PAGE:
Just around the corner, Palace Saloon peddles a different kind of kitsch-the type that involves boozy punch and ghost stories. Established in 1903, it’s one of the oldest continuously operating bars in Florida, even discreetly making sales through Prohibition. In its earliest heyday, this rustic watering hole was a veritable Cheers for thirsty ship captains. Nowadays, it’s a preserved-in-time relic outfitted with a dusty jukebox, mosaic-tile floors, and an ornate wood bar that looks like something out of Hill House-which makes sense, considering the saloon may or may not be haunted by the booze-loving ghost of a former bartender. The drink of choice? The deceptively boozy Pirate’s Punch, made with banana liqueur, triple sec, white rum, Amaretto, grenadine, orange juice, and pineapple juice.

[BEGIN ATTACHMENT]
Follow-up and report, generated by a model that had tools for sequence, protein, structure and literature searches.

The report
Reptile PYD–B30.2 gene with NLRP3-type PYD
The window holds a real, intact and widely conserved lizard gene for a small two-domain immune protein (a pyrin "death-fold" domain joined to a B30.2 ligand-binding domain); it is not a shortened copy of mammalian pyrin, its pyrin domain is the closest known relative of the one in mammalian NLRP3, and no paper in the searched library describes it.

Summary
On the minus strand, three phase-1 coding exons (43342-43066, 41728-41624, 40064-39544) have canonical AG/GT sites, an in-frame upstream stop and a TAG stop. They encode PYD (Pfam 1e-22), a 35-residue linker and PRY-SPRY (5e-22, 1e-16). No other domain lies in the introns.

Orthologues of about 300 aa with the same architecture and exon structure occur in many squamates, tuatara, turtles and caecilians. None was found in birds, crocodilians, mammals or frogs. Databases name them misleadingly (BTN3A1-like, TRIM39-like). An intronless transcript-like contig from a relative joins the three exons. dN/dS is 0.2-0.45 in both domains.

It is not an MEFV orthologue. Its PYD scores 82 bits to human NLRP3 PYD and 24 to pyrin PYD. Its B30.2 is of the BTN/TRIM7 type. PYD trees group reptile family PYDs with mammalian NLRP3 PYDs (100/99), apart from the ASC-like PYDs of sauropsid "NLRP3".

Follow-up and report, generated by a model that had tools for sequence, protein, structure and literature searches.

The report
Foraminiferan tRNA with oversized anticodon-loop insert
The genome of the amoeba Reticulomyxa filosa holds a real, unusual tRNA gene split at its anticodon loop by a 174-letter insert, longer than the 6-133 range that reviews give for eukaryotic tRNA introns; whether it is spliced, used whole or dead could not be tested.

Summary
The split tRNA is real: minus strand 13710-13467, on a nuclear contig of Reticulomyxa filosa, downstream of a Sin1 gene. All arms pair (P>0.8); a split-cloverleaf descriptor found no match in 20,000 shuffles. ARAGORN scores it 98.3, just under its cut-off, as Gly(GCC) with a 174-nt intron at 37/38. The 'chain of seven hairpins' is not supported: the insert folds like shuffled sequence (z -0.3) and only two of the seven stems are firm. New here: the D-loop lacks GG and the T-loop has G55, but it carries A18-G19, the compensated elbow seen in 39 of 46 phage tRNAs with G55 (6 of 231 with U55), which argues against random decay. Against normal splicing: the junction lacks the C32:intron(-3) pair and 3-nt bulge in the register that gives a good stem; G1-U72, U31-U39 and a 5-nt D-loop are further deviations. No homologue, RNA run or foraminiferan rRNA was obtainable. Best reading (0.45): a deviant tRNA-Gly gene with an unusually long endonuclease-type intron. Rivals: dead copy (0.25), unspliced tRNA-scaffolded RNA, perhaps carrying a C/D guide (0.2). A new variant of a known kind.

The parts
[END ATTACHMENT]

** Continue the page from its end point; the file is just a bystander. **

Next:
Back at the encompassing Ritz-Carlton, The Lobby Bar, despite its modest name, wows with meticulous mixology. Their roster includes old fashioneds smoked in an elaborate glass box that looks like an A+ science project, alongside jaw-dropping sushi platters large enough to satiate a great white.

The Ritz-Carlton, Amelia Island
The Ritz-Carlton, Amelia Island
The Ritz-Carlton, Amelia Island

Lounge on beaches full of history

In addition to aforementioned ocean-to-table fishing excursions, Amelia Island is teeming with outdoor recreation for the naval historian, the paddle boarder, and everyone in between. Naturally, beach-going is a primary pastime here, with 13 miles of sandy shoreline and more than 40 public access points with free parking. (Pro tip: If you have a Florida license plate, you’re allowed to drive your vehicle right onto the beach in select areas, for optimal sunrise vibes.)